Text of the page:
Philadelphia, PA (Sports Network) - It seems his experience as a member of the
2012 United States Men's basketball coaching staff at this year's Olympics may
have altered Mike D'Antoni's future plans.
The former NBA Coach of the Year told a newspaper in Arizona earlier this week
that he would be interested in returning to coaching, but in the college ranks
rather than in the NBA where he has coached for the better part of the last 15
D'Antoni is currently an assistant coach for the powerhouse U.S. men's Olympic
team that while filled with NBA stars, is led primarily by college coaches.
This includes head coach Mike Krzyzewski, the all-time wins leader in NCAA
Division I history and fellow assistant Jim Boeheim, who heads perennial NCAA
After a stunningly successful tenure with the Phoenix Suns from 2003-2008,
D'Antoni took on arguably the most high profile coaching job in the NBA
becoming the head coach of the New York Knicks. D'Antoni's time with the Knicks
was less successful than with the Suns as he compiled a record of 121-167 over
three plus seasons.
D'Antoni was at the helm when Jeremy Lin burst on to the scene earlier this
year but resigned, with speculation that he was forced out due to a rift with
star forward Carmelo Anthony, midway through the lockout-shortened season.
Now D'Antoni remains as one of the most high-profile coaches on the market for
teams potentially looking to fill the seat at the top of the bench. A college
program would more than likely leap at the chance to grab such a recognizable
coach especially with D'Antoni's track record.
Like Southern Methodist's hiring of Larry Brown, D'Antoni could bring a level
of hype and attention to a smaller program looking to make a splash on the
national scene with the aim of attracting recruits and improving wins and
losses as well.
In comparison to Brown, D'Antoni also has a better shot at a higher profile
job. Although Brown certainly still has the coaching chops, his age is
a concern for programs that don't need more publicity but want a coach they can
install for a long period of time. At 61, D'Antoni is 11 years Brown's junior
and if the fit is right, could be coaching for another 10 or 15 years.
D'Antoni's would also be an important hire in terms of recruiting, especially
among blue-chip talent that wants to be put in the best position possible to
make the leap to the pros.
In an era where college players more and more frequently leave for professional
opportunities, the recruiting of top level talent has become even more
important and difficult. Last season John Calipari, head coach at Kentucky, led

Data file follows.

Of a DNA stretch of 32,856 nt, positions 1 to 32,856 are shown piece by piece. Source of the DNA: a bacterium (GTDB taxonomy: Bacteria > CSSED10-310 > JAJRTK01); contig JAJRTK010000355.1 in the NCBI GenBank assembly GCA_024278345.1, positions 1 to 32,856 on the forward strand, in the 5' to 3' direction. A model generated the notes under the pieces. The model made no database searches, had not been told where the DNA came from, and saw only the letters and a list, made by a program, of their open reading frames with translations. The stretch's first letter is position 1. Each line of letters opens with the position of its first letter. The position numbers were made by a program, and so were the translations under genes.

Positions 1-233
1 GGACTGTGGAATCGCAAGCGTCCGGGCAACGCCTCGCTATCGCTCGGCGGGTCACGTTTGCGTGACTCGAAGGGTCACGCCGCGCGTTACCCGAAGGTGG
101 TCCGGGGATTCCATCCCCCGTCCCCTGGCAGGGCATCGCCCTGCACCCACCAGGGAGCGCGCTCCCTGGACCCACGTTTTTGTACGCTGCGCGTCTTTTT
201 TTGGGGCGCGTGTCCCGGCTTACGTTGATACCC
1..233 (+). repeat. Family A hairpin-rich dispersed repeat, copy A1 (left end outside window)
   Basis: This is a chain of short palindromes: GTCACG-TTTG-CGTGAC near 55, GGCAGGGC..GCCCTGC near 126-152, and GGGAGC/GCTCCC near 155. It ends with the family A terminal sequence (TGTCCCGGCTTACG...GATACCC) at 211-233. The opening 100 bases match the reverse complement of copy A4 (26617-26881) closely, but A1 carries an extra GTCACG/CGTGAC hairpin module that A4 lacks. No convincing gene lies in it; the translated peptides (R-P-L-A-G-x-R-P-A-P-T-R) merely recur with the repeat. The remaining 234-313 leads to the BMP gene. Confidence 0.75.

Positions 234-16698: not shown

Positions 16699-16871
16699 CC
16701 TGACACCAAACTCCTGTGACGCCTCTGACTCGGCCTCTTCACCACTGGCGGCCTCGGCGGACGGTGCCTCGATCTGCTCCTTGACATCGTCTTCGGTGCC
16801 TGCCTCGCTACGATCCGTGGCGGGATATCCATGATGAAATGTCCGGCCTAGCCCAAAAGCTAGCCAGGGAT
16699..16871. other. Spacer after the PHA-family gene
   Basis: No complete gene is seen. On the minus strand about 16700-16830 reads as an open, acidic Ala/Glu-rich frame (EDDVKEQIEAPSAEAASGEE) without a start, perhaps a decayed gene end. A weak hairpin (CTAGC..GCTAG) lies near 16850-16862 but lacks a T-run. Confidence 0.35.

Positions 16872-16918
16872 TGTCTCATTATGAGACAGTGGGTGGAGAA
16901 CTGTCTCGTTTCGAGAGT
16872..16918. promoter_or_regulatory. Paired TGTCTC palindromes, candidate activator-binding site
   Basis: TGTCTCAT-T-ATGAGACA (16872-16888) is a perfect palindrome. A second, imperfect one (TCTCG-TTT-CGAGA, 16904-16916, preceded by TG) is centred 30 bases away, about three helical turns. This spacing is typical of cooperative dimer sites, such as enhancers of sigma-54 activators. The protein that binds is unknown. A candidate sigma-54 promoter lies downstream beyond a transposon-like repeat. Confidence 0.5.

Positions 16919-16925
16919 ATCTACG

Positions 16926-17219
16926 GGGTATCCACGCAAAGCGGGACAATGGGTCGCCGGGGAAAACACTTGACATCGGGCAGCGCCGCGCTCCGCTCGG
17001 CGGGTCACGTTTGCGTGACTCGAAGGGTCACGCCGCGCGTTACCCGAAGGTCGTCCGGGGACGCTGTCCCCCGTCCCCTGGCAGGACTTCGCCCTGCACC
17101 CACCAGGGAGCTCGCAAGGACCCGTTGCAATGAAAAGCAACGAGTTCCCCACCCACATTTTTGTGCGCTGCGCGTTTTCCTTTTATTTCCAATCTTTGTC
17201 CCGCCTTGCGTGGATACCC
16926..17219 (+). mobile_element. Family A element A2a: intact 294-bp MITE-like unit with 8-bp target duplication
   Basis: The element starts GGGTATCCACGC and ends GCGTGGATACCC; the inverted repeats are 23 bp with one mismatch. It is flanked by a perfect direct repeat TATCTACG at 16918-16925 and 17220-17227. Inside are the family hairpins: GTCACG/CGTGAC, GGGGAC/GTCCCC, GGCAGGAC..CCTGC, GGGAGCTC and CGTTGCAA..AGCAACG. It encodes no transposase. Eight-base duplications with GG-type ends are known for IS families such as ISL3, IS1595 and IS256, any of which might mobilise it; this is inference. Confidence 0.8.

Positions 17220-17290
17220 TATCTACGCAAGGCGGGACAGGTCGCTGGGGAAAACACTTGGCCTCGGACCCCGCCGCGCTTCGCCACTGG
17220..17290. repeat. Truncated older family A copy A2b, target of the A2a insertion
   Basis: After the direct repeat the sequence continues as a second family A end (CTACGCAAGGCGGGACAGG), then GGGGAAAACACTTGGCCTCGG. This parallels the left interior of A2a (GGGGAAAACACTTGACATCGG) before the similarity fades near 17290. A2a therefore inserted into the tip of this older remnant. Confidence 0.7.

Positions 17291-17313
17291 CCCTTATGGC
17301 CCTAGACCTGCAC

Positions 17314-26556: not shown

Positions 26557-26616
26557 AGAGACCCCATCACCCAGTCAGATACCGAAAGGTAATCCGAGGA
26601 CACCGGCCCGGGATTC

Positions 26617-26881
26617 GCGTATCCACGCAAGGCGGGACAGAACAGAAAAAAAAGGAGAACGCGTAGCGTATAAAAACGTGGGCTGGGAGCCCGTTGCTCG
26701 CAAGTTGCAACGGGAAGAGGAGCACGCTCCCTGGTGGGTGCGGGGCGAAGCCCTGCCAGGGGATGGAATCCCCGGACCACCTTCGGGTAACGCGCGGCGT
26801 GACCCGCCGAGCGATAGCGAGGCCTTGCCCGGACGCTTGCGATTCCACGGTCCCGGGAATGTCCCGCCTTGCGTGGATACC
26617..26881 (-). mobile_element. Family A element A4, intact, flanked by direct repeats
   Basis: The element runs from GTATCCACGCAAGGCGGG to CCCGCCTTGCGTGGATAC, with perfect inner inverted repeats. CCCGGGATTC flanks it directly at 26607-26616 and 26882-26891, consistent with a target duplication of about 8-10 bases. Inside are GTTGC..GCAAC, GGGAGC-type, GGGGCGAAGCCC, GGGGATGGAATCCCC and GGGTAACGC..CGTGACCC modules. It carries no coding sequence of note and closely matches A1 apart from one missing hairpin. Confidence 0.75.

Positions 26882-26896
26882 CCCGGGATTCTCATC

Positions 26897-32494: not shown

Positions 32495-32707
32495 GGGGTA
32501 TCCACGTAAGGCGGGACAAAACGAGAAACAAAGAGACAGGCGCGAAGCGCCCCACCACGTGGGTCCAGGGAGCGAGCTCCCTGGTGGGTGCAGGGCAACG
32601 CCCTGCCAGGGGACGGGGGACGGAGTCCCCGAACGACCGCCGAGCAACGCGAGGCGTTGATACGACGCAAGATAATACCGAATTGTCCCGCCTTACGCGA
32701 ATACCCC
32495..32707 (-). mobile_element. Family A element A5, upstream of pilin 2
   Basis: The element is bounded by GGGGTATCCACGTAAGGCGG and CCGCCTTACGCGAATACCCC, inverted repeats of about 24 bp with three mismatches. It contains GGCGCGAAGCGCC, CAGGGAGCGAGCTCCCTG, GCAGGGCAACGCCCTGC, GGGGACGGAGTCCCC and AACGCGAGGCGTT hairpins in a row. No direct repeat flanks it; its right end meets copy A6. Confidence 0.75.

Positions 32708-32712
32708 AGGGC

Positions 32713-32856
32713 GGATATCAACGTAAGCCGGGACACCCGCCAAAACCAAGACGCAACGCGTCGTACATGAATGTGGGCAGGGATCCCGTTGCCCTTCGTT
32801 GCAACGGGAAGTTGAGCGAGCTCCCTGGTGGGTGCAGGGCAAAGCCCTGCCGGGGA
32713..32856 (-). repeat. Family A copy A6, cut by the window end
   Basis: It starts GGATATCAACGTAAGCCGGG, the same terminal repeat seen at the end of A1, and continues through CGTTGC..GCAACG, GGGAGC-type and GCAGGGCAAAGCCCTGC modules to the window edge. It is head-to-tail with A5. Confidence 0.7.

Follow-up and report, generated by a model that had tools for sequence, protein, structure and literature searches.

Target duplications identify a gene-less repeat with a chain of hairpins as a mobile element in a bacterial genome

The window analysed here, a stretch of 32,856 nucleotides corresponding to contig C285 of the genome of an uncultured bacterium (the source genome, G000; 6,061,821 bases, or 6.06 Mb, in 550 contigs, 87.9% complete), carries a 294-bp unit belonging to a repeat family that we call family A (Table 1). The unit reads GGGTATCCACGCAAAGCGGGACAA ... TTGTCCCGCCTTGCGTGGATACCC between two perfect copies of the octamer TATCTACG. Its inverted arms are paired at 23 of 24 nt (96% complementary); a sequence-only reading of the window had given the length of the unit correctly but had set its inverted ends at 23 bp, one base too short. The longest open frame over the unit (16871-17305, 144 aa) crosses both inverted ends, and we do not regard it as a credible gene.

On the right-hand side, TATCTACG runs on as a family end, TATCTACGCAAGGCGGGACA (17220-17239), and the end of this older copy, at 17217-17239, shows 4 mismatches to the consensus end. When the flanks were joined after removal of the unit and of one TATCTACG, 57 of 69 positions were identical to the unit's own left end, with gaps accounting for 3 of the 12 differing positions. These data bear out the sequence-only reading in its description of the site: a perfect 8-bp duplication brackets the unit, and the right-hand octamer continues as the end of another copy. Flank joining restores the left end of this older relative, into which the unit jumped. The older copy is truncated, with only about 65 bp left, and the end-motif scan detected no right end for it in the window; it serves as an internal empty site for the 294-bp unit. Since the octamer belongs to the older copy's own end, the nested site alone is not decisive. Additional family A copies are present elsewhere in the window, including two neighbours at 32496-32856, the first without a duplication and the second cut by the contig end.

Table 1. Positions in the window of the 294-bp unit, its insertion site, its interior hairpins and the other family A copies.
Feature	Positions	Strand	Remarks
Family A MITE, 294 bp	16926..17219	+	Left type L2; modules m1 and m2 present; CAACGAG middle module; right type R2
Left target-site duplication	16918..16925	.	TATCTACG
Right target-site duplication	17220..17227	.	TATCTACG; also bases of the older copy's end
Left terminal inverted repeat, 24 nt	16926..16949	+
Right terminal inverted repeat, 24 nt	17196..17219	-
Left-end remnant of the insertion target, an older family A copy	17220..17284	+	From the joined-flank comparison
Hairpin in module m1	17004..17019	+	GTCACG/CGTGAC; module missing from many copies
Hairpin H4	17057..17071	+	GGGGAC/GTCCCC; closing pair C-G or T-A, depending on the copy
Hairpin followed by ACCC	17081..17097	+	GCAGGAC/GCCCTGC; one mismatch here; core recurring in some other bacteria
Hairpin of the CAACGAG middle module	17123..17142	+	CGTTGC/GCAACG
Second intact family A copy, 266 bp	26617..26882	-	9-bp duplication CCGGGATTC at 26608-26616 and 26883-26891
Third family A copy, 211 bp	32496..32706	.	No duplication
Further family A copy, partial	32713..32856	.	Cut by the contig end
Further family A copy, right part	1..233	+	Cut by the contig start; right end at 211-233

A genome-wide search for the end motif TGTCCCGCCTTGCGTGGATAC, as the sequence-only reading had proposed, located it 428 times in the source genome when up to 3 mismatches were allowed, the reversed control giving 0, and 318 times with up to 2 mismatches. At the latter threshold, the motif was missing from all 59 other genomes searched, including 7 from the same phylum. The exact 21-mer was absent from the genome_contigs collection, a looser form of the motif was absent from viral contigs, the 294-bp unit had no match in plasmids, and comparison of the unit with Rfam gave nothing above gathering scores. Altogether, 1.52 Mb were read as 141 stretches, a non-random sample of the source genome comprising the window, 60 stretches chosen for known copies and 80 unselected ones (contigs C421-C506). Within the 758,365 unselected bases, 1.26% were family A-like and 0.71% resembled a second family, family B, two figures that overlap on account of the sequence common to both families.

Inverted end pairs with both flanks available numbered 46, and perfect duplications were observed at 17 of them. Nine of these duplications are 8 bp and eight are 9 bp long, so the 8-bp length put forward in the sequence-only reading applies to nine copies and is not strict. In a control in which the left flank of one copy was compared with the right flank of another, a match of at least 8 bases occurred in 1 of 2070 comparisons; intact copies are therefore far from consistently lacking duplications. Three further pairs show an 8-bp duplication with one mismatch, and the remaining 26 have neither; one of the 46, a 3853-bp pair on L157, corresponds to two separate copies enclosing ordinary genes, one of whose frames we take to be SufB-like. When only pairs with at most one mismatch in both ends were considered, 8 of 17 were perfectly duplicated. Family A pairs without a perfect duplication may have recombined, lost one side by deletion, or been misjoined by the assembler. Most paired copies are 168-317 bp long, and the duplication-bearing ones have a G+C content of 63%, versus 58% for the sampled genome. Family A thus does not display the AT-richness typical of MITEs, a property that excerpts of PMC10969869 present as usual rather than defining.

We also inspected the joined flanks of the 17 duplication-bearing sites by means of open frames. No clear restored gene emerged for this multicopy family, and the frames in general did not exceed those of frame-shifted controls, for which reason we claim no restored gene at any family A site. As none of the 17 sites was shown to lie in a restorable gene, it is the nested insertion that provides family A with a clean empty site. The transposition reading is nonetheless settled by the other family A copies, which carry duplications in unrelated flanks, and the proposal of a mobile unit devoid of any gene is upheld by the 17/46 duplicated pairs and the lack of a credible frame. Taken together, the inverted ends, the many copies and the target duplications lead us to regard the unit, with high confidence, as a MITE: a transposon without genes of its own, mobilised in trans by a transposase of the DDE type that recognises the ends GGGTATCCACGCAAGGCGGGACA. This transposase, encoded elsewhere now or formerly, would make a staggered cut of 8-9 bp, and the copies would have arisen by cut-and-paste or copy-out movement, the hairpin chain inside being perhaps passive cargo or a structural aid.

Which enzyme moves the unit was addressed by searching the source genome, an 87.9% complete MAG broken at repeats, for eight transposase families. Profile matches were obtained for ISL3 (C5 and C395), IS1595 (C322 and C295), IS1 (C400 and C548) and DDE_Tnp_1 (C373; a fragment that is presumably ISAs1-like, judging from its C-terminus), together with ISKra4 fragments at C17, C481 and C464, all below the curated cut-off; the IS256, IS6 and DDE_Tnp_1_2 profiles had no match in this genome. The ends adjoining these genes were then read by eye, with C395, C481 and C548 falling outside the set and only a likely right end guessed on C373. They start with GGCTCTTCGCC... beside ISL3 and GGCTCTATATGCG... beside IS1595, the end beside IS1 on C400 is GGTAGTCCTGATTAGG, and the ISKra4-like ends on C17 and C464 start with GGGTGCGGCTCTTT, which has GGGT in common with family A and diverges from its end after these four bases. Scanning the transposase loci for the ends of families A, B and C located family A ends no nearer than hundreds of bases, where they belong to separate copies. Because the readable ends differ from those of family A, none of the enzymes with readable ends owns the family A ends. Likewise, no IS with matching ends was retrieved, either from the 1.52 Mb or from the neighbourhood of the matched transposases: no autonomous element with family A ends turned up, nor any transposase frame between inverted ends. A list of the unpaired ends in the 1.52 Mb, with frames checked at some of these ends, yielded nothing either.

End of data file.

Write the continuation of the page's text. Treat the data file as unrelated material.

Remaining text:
a team that started four freshman to a national title only to have his entire
starting five get selected in the NBA Draft two months later.
Whether or not the one-and-done recruiting strategy is right or wrong is
besides the point. That is where college basketball is and with his experience
in the NBA, D'Antoni could be an invaluable recruiter, enticing high school
athletes with his resume.
Recruiting and bringing attention to a program is one thing but no coach can
survive if they do not bring success on the court as well. Which begs the
question; would D'Antoni's coaching philosophy be effective in the college
While with the Phoenix Suns, D'Antoni was known for the high octane offense
that centered around star point guard Steve Nash. The so-called "seven seconds
or less" offense is predicated on strong point guard play, the high pick-and-
roll and the spreading of the floor for shooters. In the college game this
strategy could be extremely effective, assuming D'Antoni is able to
successfully recruit the types of players that excel within that system. The
effectiveness of the scheme would more than likely also benefit from the drop
in the level of competition and defensive physicality of the college game in
comparison to the NBA.
One of the bigger knocks on D'Antoni has been his perceived defensive
inefficiencies. Even during his successful years with Phoenix, his squads were
always at the bottom of the NBA in terms of points allowed per game, including
ranking dead-last in the NBA during the 2004-2005 season, which was the same
year D'Antoni took home coach of the year honors.
Defense is still a vital aspect of the game in college but with less isolation
plays and fewer athletes on opposing teams that may be able to keep up with
the pace D'Antoni likes his teams to run at, the disparity between his offense
and defense should be less drastic.
So on paper it would seem that D'Antoni would make a very nice transition into
the college game. It remains to be seen how serious his intentions are though.
The NBA coaching carousel is constantly spinning with openings popping up
almost monthly. With the hiring of Jacque Vaughn by the Orlando Magic last week
all 30 teams currently have a head coach but it's only a matter of time before
a spot opens up. When that time comes if teams come knocking would D'Antoni
pick college over another shot in the pros?
For now D'Antoni will focus on coaching the offense for the Olympic team in
its pursuit of back-to-back gold medals. While he's doing so he need only look
down the bench to see what success in college coaching can lead to.
The Sports Network